Could alternatives to capitalism make another world possible?
Published by University of Leicester Press Office for University of Leicester in Education
For years now, those questioning capitalist managerial orthodoxy have been branded as ‘unrealistic’ and ‘utopian’.
In a new book entitled ‘The Companion to Alternative Organization’, Professor Martin Parker and Dr Valérie Fournier from the University of Leicester’s School of Management suggest that conventional business and economic models have shown themselves to be economically crisis-prone and incapable of delivering even basic economic benefits to the majority of the global population.
Professor Parker said: “The way we organise and do business needs to be re-evaluated. The reality today is one of increasing economic inequality, both within and between nations, a deteriorating natural environment, systemic and regular financial crises, and rising levels of mental illness, stress and unhappiness, even in countries with the highest GDP. The dominant methods that we use to organise are not only failing to improve these situations; they actively contribute to making them worse.”
Professor Parker and Dr Fournier argue that university business schools are often part of the problem, uncritically reproducing dead ideas as if it were possible to carry on doing business as usual.
Professor Parker added: “Many business schools teach capitalism without considering the alternatives. The aim of this book is to target a wide readership and to offer alternative ideas. We shouldn’t be afraid to go against the status quo and speak out against flaws within a problematic system that dominates our daily lives.
“The need to consider alternatives is a politically urgent current topic – with the increase of corporate gigantism ensuring that large companies hold the monopoly over smaller ones, capitalism unjustifiably generates a false idea that our current world is perfect and places significant value on consumerism whilst neglecting important issues of a social, political and environmental nature.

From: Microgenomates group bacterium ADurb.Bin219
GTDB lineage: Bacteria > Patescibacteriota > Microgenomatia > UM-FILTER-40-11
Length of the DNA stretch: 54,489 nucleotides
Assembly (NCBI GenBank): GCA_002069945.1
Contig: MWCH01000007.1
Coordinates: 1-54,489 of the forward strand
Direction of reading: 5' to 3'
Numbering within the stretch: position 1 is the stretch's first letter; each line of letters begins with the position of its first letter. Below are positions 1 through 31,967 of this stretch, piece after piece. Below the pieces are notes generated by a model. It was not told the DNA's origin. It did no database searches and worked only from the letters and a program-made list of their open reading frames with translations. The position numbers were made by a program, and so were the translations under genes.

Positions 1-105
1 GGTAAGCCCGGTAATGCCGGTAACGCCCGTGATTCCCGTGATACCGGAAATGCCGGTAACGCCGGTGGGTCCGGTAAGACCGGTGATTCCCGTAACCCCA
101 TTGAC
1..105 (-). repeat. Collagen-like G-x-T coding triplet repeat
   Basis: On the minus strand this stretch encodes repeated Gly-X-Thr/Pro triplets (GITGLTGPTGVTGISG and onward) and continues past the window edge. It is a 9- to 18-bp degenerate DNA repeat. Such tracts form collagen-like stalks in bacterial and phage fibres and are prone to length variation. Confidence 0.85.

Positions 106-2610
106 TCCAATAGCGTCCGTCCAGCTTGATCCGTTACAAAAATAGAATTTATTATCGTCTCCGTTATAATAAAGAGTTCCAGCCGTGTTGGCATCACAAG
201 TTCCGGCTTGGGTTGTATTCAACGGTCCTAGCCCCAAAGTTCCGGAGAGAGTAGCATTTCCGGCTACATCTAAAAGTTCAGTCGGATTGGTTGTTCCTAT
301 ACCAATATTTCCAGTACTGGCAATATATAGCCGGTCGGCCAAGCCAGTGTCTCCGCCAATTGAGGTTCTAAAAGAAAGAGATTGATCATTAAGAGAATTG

“With this book we wish to issue a challenge to the established orthodoxy by offering feasible, perfectly practical alternatives that should at least be considered and discussed in serious debate.”
‘The Routledge Companion to Alternative Organization’, which was edited with colleagues from Kent State University and the Essex Business School, examines a range of alternative models for organising finance, production, distribution, exchange and consumption, explaining and evaluating them on the basis of rigorous empirical research.
Workers self-management, consensus decision making, credit unions, fair trade, bioregionalism, gift economies and open source software movements are among the many different organisational models reviewed in the book’s 24 chapters.
Sections on co-operatives, community currencies, the transition movement, scrounging, co-housing and much more paint a rich picture of the ways in which another world is not only possible, but is already taking shape. The aim of this companion is to move beyond complaining about the present and into exploring this diversity of organisational possibilities.
The book is the successor to ‘The Dictionary of Alternatives’, which Professor Parker and Dr Fournier published in 2007.
‘The Routledge Companion to Alternative Organization’ is available to purchase at http://www.routledge.com/books/details/9780415782265/
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